A Ghost Story Review

Casey Affleck and Rooney Mara in director David Lowery’s metaphysical mind-bender that is plenty rewarding for those with patience.

All of us wonder at one point or another in our lives what lies beyond this mortal coil, but probably none of us ever imagine that we’ll actually wander around in a white sheet staring out at the world of the living through two jagged eyeholes. That’s what happens to Casey Affleck in A Ghost Story, director David Lowery’s mournful, eerie, and sometimes funny meditation on life, loss, and death. Here he also reunites with Affleck and Rooney Mara–the lovers from his second feature as a director, Ain’t Them Bodies Saints–in an equally slow-burning, yet much stranger, concoction.

Affleck and Mara play a couple who live in a small, slightly ramshackle one-story house on a flat plot of land somewhere in Texas. We never even find out their names (Affleck’s character is listed as “C” in the credits while Mara’s is “M”), but we do get a few tantalizing pieces of their life together: C is a musician, and they seem to enjoy a relatively blissful existence, even though there are tensions under the surface about future plans, including moving.

All that is rendered moot, however, when C is killed in a car accident right outside the house. And after M identifies his body in the morgue, he rises from the table–with the sheet still draped over him, only with those two eyeholes now opened in it–and finds his way back to their house, where he silently and passively observes M going through the stages of grief and eventually moving on with her life. After M leaves the house and Texas behind, C remains under his sheet while time marches forward, with others moving in and out of the house and the property itself changing radically. C, or more properly his ghost, remains impassive through it all, even when he begins to travel backward and forward in time.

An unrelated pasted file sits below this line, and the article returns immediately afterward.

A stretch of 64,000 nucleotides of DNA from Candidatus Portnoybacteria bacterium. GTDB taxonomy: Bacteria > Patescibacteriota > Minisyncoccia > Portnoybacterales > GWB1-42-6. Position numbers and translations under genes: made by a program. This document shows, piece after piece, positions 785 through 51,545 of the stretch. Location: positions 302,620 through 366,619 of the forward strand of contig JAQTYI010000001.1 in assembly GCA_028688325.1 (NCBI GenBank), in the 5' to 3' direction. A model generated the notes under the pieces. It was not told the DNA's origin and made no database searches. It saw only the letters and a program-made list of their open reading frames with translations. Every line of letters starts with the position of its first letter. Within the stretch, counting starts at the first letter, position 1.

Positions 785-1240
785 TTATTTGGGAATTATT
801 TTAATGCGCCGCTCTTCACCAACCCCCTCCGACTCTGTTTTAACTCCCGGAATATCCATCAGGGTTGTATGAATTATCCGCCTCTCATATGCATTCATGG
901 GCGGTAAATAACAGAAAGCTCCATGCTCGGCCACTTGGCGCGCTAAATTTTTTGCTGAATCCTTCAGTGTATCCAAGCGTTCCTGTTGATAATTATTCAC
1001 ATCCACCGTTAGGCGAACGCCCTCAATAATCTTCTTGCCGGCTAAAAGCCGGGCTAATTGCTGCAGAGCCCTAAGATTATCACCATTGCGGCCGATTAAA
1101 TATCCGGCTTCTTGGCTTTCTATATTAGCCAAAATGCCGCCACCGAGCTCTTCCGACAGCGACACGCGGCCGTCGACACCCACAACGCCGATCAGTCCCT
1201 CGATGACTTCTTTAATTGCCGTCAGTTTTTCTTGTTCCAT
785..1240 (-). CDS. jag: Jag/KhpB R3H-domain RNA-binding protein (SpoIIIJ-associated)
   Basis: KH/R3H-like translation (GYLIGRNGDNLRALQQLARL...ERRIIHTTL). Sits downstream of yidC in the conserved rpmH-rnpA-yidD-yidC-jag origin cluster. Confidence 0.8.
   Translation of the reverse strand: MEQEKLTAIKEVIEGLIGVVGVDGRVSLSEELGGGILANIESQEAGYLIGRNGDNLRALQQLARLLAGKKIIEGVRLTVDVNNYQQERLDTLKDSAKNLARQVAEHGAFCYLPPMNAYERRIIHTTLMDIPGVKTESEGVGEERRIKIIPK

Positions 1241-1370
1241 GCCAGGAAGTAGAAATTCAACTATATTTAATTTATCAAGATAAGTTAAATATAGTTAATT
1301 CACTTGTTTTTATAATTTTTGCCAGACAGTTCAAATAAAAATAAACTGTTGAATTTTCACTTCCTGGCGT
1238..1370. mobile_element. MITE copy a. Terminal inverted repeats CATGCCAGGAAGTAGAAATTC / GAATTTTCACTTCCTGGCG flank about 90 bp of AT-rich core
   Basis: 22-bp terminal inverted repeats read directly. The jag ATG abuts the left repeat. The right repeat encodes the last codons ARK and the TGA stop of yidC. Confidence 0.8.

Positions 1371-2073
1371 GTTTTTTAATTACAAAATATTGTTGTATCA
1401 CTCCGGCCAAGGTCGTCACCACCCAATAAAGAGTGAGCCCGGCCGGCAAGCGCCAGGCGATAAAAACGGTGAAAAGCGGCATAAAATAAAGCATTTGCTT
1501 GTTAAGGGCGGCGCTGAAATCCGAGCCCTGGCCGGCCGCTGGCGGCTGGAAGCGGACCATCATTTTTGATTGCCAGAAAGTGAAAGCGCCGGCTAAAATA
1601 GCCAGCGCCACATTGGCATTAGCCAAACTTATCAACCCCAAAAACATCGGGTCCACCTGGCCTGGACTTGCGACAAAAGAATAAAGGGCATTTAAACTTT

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Lowery, who I still can’t believe is the same director who helmed the much more conventional Disney remake of Pete’s Dragon last year, stages all this with long, still shots and quick, hard edits, indicating both the stretching of individual moments and the terrifying way in which time can sneak up and race past us. There are long passages of near-silence, including one memorable, almost squirm-inducing scene involving a pie, that are then broken by scenes in which the ghost seems to somehow get riled up enough emotionally to create noisy poltergeist-like activity in his former home. But he never speaks and the reason why he’s unable to leave the space is only obliquely addressed.

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That’s sort of the point though: A Ghost Story is ultimately not about giving the viewer simple answers, despite Lowery’s austere direction and the equally minimalist performances of his two leads (we’re giving Affleck the benefit of the doubt that it’s him under the sheet the whole time). It instead acts as both a paean to the idea that every single moment is vital in its own way, as well as a caution to not let those moments slip away too quickly. We never really find out why the ghost stays behind, but the fact that he does lets us appreciate the vastness of time and how insignificant we all are in its vortex.

None of this is exactly new, and a lesser film could use this material to stumble into the truly obscure and pretentious, but Lowery ends up grounding it with, of all things, that silly white sheet. It makes C’s ghost somehow relatable and, ironically enough, just as human as he was in life, as if he was still among us and desperate to throw together a costume for a Halloween party. If the film’s simplicity occasionally clashes with the grandiosity of its ideas–such as the scene where a partygoer at the house (Will Oldham) waxes obnoxiously on how time eventually obliterates us and everything we leave behind in a rather jarring sort of exposition dump–Lowery makes up for it elsewhere with the elegance of his imagery.

A Ghost Story may not be for everyone–some viewers may find its pace and ambiguity maddening after a while too–but if you have the patience it’s a rewarding, frequently poignant film that evokes the loneliness of the human experience, and how important and fleeting our connections with others are. After all, each of us will be under that white sheet one day.

A Ghost Story is out in limited release now.


4 out of 5